He took a hit with his divorce from Galina Besharova in 2010, paying what was at the time Britain's largest divorce settlement. The figure beat a previous record of 48 million pounds ($73.1 million) and was estimated as high as 100 million pounds, though the exact figure was never confirmed.
Last year, Berezovsky lost a multibillion-pound High Court case against fellow Russian Roman Abramovich and was ordered to pay 35 million pounds ($53.3 million) in legal costs.
Berezovsky had claimed that Abramovich, the billionaire owner of Chelsea Football Club, cheated him out of his stakes in the oil group Sibneft, arguing that he blackmailed him into selling the stakes vastly beneath their true worth after he fell from Putin's good graces.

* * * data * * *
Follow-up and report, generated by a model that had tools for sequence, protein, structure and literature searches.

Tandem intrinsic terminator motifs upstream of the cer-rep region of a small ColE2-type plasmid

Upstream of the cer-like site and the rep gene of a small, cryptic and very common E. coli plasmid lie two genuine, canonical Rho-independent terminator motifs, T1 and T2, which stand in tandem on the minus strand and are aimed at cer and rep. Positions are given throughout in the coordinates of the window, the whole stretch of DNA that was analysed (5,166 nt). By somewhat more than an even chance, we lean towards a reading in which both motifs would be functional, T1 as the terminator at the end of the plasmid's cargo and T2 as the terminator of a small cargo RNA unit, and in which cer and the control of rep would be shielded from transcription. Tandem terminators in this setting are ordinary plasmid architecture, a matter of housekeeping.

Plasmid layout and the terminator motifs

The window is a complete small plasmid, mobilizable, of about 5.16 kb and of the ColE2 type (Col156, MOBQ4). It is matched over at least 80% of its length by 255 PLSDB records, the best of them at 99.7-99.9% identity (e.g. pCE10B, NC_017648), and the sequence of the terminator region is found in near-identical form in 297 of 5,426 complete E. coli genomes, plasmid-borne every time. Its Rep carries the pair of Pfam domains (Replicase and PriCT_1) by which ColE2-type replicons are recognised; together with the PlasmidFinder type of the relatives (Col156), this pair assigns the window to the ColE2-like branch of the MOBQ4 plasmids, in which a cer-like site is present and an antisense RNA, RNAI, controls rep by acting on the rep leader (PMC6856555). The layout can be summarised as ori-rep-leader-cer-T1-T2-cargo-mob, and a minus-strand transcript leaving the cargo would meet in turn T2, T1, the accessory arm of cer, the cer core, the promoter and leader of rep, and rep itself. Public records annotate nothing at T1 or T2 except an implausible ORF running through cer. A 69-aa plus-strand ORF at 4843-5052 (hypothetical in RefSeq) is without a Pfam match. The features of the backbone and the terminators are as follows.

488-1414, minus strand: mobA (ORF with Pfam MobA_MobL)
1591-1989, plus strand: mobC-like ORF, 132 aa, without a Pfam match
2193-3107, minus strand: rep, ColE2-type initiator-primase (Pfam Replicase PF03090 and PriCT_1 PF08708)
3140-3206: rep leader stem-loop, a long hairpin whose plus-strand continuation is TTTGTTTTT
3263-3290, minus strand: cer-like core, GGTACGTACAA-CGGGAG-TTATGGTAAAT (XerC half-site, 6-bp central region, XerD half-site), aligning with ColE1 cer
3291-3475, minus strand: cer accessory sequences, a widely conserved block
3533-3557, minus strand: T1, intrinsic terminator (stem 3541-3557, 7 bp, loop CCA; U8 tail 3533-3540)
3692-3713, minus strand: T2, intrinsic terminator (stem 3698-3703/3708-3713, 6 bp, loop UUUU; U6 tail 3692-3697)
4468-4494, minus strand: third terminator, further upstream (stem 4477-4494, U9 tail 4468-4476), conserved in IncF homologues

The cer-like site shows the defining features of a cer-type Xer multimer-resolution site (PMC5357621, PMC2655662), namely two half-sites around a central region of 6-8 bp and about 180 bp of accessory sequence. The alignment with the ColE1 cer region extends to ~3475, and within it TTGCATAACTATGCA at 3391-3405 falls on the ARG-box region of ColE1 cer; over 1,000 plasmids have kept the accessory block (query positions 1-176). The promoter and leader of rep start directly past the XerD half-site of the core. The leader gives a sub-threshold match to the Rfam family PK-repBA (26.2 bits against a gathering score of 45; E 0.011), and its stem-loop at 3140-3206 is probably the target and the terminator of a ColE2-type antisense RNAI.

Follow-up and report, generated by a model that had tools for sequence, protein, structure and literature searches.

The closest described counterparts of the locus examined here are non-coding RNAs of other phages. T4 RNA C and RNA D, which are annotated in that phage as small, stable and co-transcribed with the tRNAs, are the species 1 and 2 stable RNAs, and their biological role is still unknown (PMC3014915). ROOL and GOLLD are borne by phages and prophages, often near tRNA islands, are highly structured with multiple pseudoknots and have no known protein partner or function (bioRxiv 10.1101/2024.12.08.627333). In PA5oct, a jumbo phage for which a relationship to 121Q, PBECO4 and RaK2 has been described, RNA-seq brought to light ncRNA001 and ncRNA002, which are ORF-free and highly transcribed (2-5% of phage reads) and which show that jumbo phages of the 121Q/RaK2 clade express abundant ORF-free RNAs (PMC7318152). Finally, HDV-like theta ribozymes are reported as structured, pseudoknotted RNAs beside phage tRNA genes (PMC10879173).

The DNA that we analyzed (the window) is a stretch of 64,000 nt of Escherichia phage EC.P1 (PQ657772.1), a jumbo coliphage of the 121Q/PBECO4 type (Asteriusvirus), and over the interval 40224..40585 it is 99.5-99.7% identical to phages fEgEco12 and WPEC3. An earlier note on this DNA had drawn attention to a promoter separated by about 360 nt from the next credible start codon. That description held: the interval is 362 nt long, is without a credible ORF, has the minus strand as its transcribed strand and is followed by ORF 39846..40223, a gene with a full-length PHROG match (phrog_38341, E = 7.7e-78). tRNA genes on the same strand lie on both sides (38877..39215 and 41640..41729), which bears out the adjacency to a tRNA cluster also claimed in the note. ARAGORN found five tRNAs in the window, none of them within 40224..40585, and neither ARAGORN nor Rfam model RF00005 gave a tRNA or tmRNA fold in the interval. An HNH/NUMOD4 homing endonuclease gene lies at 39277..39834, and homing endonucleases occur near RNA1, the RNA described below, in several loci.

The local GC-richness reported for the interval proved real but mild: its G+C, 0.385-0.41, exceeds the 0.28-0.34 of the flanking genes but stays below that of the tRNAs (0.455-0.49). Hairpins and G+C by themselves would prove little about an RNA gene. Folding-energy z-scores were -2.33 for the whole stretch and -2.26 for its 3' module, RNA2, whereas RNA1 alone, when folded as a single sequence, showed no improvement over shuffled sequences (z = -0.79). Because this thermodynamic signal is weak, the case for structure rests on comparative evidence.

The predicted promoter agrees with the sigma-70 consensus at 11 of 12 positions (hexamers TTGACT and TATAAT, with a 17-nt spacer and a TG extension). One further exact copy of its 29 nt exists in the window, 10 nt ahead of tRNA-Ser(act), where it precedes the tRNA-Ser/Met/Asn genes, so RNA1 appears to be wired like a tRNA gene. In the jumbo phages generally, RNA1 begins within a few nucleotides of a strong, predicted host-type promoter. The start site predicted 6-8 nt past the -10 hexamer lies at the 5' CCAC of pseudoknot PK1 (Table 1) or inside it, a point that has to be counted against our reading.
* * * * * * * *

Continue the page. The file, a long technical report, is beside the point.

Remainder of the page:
But a judge threw out the case in August, ruling that Berezovsky was a dishonest and unreliable witness, and rejected Berezovsky's claims that he was threatened by Putin and Alexander Voloshin, a Putin ally, to coerce him to sell his Sibneft stake.It also recently emerged that Berezovsky ran up legal bills totaling more than 250,000 pounds in just two months of a case against his former partner, Elena Gorbunova, with whom he had two children and who claimed the businessman owed her millions. Earlier this week, The Times of London newspaper reported that Berezovsky was selling property -- including an Andy Warhol portrait of the former Soviet Union leader Vladimir Lenin -- to settle his debts and pay expenses owed to lawyers. News of Berezovsky's death has prompted conspiracy theories along with speculation as to his state of mind, given his recent financial setbacks. Ilya Zhegulev, a journalist with the Russian edition of Forbes magazine, said he spoke with Berezovsky the day before he died and discussed the tycoon's decision to flee Russia in 2000. The journalist quoted Berezovsky as saying that during his years in London life had lost meaning. "I no longer want to be involved in politics," Zhegulev quoted Berezovsky as saying in a story published Saturday on the Forbes.ru Web site. He said Berezovsky told him that he wanted nothing more than to return to Russia. The former oligarch said he had changed his views on Russia, saying he now understood that it should not look to Europe as a model. "I had absolutely, idealistically imagined that it was possible to build a democratic Russia. And idealistically imagined what democracy was in the center of Europe. I underestimated the inertia of Russia and greatly overestimated the West. This took place gradually. I changed my understanding of Russia's path," he quoted Berezovsky as having said. ___ AP writer Lynn Berry in Moscow contributed to this report. Cassandra Vinograd can be reached at http://twitter.com/CassVinograd